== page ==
Back in 2006, the AAA Foundation for Traffic Safety released the first edition of its Traffic Safety Culture Index, an annual survey that provides an eye-opening and thought-provoking look at trends and attitudes among U.S. drivers.
If you have been involved in a motor vehicle accident, you are likely feeling at least somewhat disoriented. Although human senses can become particularly acute in the immediate aftermath of car wrecks and other accidents, they do not stay this way for long. The need to mentally, emotionally and even visually process a motor vehicle wreck can leave accident victims feeling like they aren't sure how to react and at what speed.
It seems that our possessions are closer than ever to âunderstandingâ us. Remote activators can let us know where we lost our keys, fitness trackers measure a host of our bodiesâ movements and processes and some smartphones even refuse to operate for anyone other than the individual whose thumbprint it recognizes. If smart technology could not only help us find our keys and activate our phones but also make us safer, wouldn't that be a development worth exploring?
Over the past several years, numerous media outlets have reported that much of the American public is suffering from a phenomenon referred to as recall fatigue. The concept of recall fatigue is rooted in the idea that when an overwhelming number of recalls is publicized, the public becomes overloaded with information and ultimately stops responding to recalls with any sense of urgency. It is important to understand this phenomenon in order to properly address it.
In our last post, we began a discussion about personal alcohol breath tests. We noted that it is surprisingly easy for a responsible motorist to unintentionally drive while intoxicated. We also noted that if more Americans purchased and regularly used personal alcohol breath tests that the rates of DUI arrests and drunk driving accidents would likely drop significantly. This issue is particularly pressing given the fact that approximately 12,000 individuals perish annually as a result of drunk driving accidents, according to the National Highway Traffic Safety Administration.
Most Americans are acutely aware of how dangerous drunk driving can be. It is very rare that anyone is so reckless that he or she knowingly and intentionally gets behind the wheel while obviously drunk. More common is the scenario in which an ordinarily responsible adult believes himself or herself to be sober enough to drive safely and is ultimately surprised to learn that he or she is not quite sober enough to be considered “legally drunk.”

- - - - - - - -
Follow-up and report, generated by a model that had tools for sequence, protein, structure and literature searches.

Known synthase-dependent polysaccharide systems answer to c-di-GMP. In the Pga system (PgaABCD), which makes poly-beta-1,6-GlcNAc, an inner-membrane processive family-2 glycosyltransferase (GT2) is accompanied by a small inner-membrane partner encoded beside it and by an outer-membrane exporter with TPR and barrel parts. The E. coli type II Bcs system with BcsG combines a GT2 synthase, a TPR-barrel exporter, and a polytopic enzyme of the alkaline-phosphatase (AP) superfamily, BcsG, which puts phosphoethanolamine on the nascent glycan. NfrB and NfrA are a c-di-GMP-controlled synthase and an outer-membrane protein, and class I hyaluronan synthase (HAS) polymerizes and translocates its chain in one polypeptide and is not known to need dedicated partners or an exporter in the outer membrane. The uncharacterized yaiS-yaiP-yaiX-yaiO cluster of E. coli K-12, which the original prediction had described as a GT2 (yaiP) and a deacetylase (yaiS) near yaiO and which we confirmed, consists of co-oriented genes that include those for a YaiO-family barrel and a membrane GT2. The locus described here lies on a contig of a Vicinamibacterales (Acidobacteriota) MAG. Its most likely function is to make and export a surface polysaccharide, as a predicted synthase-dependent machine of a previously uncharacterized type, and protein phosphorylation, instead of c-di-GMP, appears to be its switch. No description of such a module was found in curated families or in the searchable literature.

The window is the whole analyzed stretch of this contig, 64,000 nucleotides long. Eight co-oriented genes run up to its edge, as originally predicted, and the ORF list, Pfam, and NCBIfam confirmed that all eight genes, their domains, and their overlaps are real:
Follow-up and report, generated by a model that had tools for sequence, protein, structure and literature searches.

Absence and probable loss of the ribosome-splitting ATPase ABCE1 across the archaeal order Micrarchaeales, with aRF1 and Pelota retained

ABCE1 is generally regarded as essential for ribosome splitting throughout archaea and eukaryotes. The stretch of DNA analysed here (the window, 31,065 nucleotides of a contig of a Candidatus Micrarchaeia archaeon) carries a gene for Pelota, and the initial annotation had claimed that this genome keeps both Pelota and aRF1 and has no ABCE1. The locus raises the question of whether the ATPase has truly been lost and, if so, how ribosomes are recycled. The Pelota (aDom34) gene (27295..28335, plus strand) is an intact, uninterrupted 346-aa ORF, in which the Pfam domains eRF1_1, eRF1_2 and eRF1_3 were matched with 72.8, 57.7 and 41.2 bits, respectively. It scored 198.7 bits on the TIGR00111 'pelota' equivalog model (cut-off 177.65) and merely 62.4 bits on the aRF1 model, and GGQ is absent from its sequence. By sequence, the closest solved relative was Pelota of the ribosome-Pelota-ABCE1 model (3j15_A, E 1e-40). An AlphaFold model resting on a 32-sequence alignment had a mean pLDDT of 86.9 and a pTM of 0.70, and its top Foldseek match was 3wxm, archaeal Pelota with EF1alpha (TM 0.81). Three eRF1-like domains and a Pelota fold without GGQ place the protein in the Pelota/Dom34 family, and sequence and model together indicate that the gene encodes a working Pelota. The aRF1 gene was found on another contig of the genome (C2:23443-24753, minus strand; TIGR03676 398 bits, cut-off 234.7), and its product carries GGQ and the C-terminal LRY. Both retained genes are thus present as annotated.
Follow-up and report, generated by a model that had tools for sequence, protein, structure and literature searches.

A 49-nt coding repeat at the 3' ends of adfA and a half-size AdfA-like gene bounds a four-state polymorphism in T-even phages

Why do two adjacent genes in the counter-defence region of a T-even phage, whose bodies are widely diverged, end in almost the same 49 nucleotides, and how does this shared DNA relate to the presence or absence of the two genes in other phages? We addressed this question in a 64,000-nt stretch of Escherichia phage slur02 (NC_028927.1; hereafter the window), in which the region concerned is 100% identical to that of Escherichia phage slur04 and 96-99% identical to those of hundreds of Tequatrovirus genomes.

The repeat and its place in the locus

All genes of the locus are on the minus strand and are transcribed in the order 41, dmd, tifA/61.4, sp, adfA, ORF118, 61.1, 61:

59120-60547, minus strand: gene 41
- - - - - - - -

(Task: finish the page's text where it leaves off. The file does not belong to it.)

It is easy to become overwhelmed by statistics. Once overwhelmed, it can be too easy to forget that each element of a statistic is unique. For example, the National Highway Traffic Safety Administration has determined that in 2013 alone, 32,719 individuals were killed as a result of motor vehicle accidents that occurred on American highways and roadways. Every single one of these 32, 719 individuals was someone’s daughter or son. When looking at statistics as distinct in this fashion, it becomes both more difficult and easier to grasp the scale of motor vehicle fatalities in America.
Many adults who seldom drink do choose to drink a bit during the holiday season. Alcohol is often served at holiday parties and New Year’s champagne toasts are common. There is certainly nothing wrong with drinking during the holidays. However, it is important for older Americans to be particularly careful about when and what they choose to drink if they plan to drive after the celebration has concluded.
Most American motorists are now aware of the fact that distracted driving is dangerous. In recent years, a host of educational campaigns, anti-distraction laws and other efforts aimed at reducing cellphone use while driving have received extensive media coverage. As a result, avoiding the message that distracted driving is dangerous is nearly impossible. Despite these efforts, it seems that distracted driving behaviors are more pervasive than ever.
A misconception regarding elderly drivers has permeated popular culture. Movies, books and even commercials lead Americans to assume that elderly drivers are "bad" drivers. They are supposedly slow, distracted and are generally dangerous. It is true that some elderly motorists are not "good" drivers. They fit either this entire stereotype or part of it. However, the general population of elderly drivers is actually safer than younger motorists are.